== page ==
Additionally, to the extent the instant motions for reconsideration should be construed as motions for preliminary injunctive relief, the motions lack merit. To obtain a preliminary injunction, the motion party must establish “that he is likely to succeed on the merits, that he is likely to suffer irreparable harm in the absence of preliminary relief, that the balance of equities tips in his favor, and that an injunction is in the public interest.” Winter v. Nat'l Res. Def. Council, Inc., 555 U.S. 7, 20 (2008). Plaintiff's instant motions do not establish he is likely to succeed on the merits of his claims, or that he is likely to suffer irreparable harm in the absence of preliminary injunctive relief.

         Additionally, plaintiff admits that his requests for relief related to his inmate trust account are not relevant to his underlying claims. (Mot. Alter Jx (DE 67) at 4 (stating the motion “does not affect the outcome of this action”)). “A preliminary injunction may never issue to prevent an injury or harm which not even the moving party contends was caused by the wrong claimed in the underlying action.” Omega World Travel, Inc. v. Trans World Airlines, 111 F.3d 14, 16 (4th Cir.1997). Accordingly, the court denies plaintiff's motions to alter judgment and to compel a court's order to the extent those motions seek a preliminary injunction.

         Plaintiff also seeks reconsideration of the court's May 9, 2018, order denying without prejudice his motions to compel responses to certain discovery requests. As explained in that order, the court denied the motions to compel because the court extended the discovery deadline. Plaintiff and his appointed counsel therefore could obtain the necessary discovery during the extended discovery period. The instant motion for reconsideration, filed months after discovery closed, seeks an order granting the initial motions to compel that the court denied in the May 9, 2018, order. Where plaintiff did not file renewed motions to compel during the extended discovery period, and has not shown good cause for reopening discovery, the motion for reconsideration is denied. See Fed. R. Civ. P. 16(b) (providing a scheduling order “may be modified only for good cause and with the Judge's consent”); see also Nourison Rug Corp. v. Parvizian, 535 F.3d 295, 298 (4th Cir. 2008) (holding party seeking leave to amend pleadings after the deadline set in the scheduling order must show good cause for amending the scheduling order).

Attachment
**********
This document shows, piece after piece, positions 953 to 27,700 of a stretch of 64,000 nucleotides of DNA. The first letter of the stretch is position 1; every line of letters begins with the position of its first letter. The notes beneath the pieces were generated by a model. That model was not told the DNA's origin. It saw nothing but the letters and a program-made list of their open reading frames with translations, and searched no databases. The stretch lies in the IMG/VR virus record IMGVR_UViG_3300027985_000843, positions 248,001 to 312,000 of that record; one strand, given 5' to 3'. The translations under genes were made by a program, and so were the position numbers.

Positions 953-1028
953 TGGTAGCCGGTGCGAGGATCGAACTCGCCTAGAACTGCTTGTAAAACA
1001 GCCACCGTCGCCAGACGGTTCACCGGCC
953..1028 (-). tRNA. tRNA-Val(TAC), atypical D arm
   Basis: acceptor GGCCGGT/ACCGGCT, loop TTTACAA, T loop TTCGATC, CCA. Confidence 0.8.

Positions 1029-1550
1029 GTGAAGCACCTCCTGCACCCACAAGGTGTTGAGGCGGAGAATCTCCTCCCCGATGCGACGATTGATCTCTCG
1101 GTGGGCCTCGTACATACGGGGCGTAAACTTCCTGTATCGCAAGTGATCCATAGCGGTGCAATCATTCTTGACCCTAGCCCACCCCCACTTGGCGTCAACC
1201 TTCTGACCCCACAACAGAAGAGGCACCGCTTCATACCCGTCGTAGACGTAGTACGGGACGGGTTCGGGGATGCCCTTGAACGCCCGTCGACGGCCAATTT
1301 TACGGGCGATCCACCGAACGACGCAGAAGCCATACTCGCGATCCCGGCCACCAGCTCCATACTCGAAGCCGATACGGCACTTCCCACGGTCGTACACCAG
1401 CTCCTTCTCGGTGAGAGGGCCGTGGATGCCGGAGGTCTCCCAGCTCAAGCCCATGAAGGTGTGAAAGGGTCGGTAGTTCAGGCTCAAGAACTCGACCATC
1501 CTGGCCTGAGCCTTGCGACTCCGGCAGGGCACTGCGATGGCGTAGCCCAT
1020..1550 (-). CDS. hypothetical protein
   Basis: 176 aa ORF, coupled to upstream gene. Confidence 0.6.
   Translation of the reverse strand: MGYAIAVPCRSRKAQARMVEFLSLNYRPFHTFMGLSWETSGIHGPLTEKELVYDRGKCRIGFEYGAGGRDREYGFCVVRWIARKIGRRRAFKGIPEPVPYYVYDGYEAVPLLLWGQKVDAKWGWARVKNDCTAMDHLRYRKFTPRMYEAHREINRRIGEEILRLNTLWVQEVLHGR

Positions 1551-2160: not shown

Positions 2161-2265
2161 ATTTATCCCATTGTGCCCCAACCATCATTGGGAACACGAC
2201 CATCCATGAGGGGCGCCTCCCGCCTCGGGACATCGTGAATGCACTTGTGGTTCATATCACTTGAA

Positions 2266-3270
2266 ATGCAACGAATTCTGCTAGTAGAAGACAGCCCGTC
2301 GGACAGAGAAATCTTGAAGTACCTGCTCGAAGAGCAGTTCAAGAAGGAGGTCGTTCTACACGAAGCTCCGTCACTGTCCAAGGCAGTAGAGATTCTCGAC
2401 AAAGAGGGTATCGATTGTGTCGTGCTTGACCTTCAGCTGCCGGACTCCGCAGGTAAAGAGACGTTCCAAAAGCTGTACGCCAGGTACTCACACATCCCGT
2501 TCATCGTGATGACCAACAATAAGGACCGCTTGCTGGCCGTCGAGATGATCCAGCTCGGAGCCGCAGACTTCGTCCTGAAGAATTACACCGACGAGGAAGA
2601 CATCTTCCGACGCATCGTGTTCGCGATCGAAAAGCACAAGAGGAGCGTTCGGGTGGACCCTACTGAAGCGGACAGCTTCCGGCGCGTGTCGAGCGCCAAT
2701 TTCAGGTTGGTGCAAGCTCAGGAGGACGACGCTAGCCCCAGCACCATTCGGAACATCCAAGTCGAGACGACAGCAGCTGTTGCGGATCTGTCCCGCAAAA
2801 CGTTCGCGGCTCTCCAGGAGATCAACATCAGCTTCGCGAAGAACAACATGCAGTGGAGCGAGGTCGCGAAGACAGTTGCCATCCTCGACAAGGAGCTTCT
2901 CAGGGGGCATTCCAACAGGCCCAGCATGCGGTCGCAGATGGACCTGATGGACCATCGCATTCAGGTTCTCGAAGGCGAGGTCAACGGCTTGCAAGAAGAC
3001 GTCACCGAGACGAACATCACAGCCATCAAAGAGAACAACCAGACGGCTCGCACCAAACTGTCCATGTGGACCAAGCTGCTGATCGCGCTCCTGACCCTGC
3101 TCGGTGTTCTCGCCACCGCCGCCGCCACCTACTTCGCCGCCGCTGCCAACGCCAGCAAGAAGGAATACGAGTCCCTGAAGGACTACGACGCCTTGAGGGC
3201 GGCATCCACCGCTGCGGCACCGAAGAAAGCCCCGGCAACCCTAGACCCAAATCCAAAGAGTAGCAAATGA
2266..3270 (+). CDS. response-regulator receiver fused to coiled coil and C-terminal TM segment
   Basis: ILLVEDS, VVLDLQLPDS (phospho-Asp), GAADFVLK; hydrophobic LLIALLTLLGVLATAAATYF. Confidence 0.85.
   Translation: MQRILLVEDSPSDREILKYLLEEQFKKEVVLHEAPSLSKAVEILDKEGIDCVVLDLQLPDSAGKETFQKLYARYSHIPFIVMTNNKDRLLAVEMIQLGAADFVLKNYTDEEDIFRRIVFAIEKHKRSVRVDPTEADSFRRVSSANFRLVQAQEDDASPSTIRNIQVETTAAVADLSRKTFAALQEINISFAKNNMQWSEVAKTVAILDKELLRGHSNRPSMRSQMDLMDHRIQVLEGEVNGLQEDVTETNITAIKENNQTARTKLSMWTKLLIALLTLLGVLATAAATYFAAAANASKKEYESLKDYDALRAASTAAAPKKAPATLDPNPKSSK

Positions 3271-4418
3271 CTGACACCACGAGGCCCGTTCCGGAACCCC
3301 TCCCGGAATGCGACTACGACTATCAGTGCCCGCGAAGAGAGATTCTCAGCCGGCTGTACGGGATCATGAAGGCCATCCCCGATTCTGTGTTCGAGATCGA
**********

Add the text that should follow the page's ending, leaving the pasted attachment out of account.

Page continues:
In sum, the court DENIES plaintiffs motion to alter judgment (DE 67), to compel a court's order (DE 74), and for reconsideration (DE 80).

         SO ORDERED

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Notes:

[1]Also pending, but not ripe for ruling, is defendants' motion for summary judgment (DE 75), which the court will address by separate order.

[2]Plaintiff also has filed notice of interlocutory appeal of the court's December 10, 2018, order. The notice of appeal, however, does not divest the court of jurisdiction to resolve the pending motions. See Fobian v. Storage Tech. Corp., 164 F.3d 887, 890-91 (4th Cir. 1999) (holding district court may resolve motion for reconsideration of appealed order under “in aid of ...